Fight Game: Why Fighting Belongs in the NHL

Blood MobileCorrespondent IDecember 24, 2007

Andy Mead/Icon SMI There will always be an argument about whether fighting has a place in hockey.

There are two sides to the debate. One says fighting is dangerous and should be eliminated; the other days it's inevitable and should be tolerated.

Personally, I think you need fighting to control the game. Without the threat of fisticuffs, you'd get more stick violence—because offenders wouldn't be worried about getting beaten up after the fact.

The "too dangerous" argument is a stupid one, for a few reasons. First, not many injuries are caused by fighting. There are exceptions, of course—but they're too rare to warrant taking fighting out of the game entirely.

When two guys drop the mitts, they know the risks involved. If fighting were really as dangerous as critics suggest, it wouldn't be so common. are also a deterrent to prospective cheap-shot artists. Without fighting, there would be no protection for star players—and I guarantee that injury numbers would increase.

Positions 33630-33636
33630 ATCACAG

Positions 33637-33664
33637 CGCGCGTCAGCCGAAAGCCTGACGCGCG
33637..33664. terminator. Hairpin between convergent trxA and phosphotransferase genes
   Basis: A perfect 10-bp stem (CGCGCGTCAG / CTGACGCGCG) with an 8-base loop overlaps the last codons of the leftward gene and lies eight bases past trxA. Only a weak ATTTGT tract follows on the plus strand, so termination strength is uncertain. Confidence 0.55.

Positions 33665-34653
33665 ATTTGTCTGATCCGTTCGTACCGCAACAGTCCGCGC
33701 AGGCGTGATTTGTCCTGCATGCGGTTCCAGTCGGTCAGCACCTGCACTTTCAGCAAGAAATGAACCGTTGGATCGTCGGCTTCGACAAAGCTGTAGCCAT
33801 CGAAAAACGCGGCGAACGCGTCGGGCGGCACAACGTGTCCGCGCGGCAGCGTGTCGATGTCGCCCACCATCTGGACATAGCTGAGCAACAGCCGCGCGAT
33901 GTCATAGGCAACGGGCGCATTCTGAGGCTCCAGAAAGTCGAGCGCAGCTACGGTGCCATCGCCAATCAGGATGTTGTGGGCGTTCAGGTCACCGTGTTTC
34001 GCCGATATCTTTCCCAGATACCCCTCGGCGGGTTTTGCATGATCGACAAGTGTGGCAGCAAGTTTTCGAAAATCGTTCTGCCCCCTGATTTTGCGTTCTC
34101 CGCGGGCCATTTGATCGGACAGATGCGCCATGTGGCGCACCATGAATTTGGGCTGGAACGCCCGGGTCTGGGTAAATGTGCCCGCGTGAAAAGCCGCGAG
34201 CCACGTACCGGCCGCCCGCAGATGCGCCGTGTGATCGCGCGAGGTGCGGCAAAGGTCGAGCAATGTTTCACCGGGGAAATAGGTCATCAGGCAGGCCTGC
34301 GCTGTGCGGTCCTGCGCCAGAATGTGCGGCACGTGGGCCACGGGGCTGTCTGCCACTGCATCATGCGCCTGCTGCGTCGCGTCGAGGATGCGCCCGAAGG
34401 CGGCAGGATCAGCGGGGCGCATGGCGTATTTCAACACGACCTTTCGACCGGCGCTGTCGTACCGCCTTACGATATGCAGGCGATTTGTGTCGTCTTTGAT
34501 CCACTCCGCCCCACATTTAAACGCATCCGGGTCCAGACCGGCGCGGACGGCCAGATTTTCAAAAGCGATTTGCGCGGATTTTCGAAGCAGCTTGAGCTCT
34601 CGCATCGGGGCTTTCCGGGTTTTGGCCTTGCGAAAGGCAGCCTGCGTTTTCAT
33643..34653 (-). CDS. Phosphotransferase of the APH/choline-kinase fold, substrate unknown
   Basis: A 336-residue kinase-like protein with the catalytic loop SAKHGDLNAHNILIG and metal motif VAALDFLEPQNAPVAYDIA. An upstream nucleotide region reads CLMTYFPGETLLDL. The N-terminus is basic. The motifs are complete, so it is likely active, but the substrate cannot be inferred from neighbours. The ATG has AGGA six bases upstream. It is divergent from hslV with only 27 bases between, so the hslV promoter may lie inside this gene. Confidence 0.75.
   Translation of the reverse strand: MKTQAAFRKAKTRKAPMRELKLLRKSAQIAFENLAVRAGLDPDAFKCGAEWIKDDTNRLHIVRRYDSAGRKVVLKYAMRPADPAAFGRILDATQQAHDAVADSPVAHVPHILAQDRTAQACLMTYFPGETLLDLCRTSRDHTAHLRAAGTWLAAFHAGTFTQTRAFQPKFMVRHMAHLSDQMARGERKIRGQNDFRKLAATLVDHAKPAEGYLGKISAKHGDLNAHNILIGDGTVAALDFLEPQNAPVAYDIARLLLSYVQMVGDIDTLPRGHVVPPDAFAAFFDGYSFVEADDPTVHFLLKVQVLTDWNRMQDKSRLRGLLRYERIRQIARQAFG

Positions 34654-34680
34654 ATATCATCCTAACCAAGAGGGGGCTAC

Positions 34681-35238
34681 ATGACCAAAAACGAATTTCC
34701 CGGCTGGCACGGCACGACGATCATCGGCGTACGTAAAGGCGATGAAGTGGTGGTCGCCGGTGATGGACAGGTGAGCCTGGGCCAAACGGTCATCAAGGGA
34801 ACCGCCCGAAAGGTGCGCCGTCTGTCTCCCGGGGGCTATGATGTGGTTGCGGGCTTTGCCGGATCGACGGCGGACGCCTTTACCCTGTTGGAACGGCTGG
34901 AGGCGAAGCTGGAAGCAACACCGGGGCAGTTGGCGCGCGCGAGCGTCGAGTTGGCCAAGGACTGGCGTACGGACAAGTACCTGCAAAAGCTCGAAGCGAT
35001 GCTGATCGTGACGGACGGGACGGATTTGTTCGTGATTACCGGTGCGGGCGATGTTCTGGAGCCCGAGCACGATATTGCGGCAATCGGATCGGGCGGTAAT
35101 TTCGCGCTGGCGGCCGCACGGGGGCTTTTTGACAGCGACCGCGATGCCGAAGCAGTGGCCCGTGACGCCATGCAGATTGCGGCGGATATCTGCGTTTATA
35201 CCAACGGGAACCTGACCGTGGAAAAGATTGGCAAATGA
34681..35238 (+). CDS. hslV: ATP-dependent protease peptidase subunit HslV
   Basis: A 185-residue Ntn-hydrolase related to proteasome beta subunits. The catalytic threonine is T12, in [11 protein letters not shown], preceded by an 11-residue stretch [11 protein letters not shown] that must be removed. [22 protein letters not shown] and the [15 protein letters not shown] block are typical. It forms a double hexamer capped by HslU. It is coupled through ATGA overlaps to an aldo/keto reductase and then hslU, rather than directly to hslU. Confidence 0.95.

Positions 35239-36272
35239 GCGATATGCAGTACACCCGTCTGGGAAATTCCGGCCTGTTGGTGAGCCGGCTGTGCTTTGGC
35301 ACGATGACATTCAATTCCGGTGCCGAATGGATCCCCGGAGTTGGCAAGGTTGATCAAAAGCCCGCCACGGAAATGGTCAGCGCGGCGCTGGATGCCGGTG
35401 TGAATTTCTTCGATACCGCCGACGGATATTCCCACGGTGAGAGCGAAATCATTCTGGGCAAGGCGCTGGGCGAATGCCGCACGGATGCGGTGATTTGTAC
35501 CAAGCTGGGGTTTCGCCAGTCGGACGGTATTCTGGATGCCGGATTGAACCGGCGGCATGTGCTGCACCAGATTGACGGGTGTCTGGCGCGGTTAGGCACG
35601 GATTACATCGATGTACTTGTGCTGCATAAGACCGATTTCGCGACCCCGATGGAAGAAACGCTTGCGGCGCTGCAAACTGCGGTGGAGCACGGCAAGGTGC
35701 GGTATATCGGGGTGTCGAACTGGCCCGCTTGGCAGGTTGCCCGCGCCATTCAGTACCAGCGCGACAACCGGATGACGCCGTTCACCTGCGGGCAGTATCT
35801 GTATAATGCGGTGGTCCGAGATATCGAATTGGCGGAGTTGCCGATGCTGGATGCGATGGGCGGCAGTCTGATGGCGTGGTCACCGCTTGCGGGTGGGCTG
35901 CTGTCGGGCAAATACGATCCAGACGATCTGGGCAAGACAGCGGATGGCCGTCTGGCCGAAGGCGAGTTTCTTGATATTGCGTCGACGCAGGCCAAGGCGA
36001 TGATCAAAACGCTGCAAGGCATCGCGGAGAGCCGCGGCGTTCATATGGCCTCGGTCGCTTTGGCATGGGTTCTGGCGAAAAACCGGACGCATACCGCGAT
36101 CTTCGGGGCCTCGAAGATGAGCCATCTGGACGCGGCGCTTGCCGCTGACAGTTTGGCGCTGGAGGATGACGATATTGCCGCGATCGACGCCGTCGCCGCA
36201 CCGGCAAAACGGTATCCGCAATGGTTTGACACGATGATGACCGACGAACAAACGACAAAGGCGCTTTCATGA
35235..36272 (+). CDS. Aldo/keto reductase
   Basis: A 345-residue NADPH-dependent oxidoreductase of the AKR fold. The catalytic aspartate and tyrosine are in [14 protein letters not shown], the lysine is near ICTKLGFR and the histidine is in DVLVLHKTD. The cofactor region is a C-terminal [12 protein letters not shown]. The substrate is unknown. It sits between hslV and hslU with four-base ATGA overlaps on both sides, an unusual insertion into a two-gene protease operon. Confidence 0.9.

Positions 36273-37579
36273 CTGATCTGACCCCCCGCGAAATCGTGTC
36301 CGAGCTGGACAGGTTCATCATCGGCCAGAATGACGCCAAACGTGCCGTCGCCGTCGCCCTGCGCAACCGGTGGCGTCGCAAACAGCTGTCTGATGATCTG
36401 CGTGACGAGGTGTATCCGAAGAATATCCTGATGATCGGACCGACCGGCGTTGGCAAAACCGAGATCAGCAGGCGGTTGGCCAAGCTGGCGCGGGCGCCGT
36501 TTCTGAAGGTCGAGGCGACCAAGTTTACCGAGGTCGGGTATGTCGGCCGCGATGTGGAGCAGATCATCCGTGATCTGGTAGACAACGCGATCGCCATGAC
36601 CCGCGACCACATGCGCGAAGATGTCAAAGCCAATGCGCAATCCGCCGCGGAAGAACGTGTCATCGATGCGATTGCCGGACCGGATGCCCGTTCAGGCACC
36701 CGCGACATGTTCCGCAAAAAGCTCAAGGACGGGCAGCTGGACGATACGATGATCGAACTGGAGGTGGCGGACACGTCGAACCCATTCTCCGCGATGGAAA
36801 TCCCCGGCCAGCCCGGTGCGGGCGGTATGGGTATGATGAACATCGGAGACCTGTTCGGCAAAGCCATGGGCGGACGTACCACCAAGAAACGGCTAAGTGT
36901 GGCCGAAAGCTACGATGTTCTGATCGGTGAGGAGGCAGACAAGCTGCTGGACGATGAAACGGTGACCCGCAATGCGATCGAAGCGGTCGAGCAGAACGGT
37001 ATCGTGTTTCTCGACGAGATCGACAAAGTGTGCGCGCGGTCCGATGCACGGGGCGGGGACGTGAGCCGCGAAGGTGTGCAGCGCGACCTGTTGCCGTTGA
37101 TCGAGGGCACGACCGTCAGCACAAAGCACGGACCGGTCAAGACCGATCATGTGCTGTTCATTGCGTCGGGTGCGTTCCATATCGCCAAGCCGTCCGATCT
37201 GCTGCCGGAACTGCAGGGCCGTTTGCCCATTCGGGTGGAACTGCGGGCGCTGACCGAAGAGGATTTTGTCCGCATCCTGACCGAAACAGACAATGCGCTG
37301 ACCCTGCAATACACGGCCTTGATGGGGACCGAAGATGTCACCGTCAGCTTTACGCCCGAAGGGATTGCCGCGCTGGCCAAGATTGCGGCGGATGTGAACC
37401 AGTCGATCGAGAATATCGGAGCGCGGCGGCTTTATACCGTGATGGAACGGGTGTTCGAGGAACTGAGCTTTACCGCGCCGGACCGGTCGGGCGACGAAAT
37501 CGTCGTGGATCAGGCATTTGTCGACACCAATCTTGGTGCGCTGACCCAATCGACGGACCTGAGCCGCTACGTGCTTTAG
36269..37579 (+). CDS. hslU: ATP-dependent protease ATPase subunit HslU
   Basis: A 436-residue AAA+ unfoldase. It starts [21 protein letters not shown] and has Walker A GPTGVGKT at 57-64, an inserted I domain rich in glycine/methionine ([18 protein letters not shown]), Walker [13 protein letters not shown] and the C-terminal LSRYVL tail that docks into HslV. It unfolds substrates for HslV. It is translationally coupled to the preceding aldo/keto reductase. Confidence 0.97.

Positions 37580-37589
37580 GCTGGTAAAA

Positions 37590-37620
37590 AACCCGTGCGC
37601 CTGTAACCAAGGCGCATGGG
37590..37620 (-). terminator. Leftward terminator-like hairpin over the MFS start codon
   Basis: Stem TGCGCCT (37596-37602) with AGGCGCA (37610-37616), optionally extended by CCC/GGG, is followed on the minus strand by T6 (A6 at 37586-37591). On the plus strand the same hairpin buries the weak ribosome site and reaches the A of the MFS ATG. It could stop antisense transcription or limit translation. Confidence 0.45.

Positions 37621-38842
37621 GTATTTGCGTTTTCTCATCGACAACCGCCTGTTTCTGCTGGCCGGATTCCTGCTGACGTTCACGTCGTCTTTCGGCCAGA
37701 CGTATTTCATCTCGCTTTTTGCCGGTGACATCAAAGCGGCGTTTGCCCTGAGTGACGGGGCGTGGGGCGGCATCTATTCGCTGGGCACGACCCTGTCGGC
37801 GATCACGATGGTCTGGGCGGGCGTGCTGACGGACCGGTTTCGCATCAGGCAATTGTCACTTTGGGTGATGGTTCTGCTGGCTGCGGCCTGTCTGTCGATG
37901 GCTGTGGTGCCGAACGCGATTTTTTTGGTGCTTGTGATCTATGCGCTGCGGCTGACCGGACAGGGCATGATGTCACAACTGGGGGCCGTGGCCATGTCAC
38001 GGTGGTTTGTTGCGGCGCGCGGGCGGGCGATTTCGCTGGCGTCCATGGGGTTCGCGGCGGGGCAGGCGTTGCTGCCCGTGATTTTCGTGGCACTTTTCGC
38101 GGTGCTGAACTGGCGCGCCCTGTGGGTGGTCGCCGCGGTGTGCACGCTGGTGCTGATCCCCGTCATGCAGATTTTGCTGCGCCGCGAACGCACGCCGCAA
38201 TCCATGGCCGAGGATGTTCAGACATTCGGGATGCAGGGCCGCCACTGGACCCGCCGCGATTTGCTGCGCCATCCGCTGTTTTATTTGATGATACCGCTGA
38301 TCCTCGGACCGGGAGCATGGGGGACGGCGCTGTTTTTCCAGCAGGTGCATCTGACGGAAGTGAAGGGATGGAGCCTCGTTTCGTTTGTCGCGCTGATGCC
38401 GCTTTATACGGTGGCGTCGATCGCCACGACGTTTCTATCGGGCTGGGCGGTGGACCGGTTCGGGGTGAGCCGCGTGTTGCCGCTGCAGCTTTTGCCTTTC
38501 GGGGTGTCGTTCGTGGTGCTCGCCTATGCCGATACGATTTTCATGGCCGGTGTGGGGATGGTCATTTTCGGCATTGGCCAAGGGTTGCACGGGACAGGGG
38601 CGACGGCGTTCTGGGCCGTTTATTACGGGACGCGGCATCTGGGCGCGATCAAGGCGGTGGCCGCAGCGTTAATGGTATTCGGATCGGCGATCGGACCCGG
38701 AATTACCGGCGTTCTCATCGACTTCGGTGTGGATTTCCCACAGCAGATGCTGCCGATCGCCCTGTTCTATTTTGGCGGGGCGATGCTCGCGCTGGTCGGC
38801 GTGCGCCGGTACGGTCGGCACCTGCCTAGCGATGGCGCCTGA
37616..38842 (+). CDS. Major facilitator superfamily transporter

Think of it like this: If there were no fights, any player in the league could take a run at Sidney Crosby and have nothing to worry about.

Critics also say that fighting drives fans away from the game. That's absurd.

There are only three kinds of hockey moments that get fans on their feet: a goal, a big save, and a fight.